Below are some links to articles, videos and stories that JustPeace staff have enjoyed this week. We hope you enjoy them too!
November 6 , 2014
- The Presbyterian Outlook: Conflict in Ordinary Churches – ” Leanna Fuller reminds readers that conflict isn’t unique to large congregations like Mars Hill, but is instead a natural, regular part of communal life that doesn’t always have to be destructive.
“…how conflict is handled can make a huge difference in the degree of its lasting impact. Conflict that is dealt with openly – with a high degree of transparency and mutual accountability – has the potential to help a faith community clarify its values and move toward healing.”
- HealthCare Professional Network: Moral Injury in Returning Veterans – Linda Hughes explains how moral injury is an existential state that many soldiers experience when returning from war, and that it needs to be differentiated from PTSD and traumatic brain injuries. She also offers advice on ways therapists can help.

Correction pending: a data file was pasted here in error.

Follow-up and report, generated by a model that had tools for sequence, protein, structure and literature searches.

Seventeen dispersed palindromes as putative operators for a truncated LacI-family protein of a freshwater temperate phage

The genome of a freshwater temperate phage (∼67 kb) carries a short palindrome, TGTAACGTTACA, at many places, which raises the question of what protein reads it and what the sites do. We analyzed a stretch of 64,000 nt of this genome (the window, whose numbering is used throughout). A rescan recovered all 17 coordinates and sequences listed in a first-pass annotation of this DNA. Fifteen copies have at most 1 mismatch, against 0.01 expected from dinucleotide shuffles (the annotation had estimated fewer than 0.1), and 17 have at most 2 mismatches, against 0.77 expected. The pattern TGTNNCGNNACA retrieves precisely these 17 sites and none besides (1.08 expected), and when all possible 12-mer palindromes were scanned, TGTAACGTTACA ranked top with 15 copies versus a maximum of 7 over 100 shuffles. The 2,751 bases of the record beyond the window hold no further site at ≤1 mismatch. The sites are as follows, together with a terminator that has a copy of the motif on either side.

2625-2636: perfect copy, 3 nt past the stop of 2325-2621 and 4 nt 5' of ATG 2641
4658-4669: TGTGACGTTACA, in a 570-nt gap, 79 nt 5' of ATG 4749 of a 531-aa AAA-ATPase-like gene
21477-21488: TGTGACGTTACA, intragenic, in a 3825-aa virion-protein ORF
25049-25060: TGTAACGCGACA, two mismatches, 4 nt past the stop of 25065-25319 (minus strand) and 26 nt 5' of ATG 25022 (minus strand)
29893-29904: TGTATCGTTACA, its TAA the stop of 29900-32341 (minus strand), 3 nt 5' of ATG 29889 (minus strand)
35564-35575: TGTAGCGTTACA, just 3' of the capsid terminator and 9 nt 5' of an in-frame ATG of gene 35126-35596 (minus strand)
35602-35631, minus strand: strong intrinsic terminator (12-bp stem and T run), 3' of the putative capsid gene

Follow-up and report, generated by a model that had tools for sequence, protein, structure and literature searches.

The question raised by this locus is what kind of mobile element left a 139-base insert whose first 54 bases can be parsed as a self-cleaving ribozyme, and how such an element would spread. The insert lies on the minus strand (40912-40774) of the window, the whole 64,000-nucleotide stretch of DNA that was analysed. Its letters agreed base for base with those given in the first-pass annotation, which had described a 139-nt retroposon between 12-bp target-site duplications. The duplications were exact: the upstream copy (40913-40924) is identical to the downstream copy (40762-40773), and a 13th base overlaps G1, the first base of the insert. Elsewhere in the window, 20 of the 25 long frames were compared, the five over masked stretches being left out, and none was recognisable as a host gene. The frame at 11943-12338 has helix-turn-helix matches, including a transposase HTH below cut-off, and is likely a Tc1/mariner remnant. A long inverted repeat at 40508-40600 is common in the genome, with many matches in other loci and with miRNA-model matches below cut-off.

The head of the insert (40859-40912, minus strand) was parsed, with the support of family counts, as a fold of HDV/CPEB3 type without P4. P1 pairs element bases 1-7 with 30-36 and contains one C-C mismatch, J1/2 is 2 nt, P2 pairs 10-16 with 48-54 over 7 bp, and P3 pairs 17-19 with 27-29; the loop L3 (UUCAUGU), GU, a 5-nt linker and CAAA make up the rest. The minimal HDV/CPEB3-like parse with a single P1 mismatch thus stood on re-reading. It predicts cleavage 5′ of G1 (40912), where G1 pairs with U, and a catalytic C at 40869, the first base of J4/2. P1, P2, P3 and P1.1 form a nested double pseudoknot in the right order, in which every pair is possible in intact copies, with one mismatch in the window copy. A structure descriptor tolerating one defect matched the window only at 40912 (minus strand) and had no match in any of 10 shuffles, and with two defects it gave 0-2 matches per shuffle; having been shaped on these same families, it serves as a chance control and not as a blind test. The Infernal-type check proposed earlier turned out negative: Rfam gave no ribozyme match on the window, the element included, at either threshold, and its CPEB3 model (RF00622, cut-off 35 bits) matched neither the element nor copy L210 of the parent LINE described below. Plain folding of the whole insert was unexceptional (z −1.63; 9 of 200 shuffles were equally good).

“Among these patients. there’s a complete failure to forgive oneself, and complete condemnation (“I am a worthless human being!”). But the more patients avoid, the more it shows up. And the outcome is dangerous behavior, often not caring if they live or die”
- UMNS – Bishops told holy conferencing key to revival – United Methodist scholar, Rev. Kevin Watson, addressed the United Methodist Council of Bishops to “cultivate the Wesleyan practice of Christian conferencing” and to make it a theme for the upcoming 2016 General Conference.
Watson also emphasized that Christian conferencing should not simply be seen as a way to have polite disagreement. Instead, he said, it should be seen as “the distinctive way that Methodists gather together to talk about their relationship with God in order to grow in love for God and neighbor.”
- Huffington Post: 35 Images of Kindness Found Within Conflict – Originally gathered and posted by Mike O’Connor from Kindness Blog, the Huffington Post showcases 35 hopeful photos of human kindness emerging during violent conflict.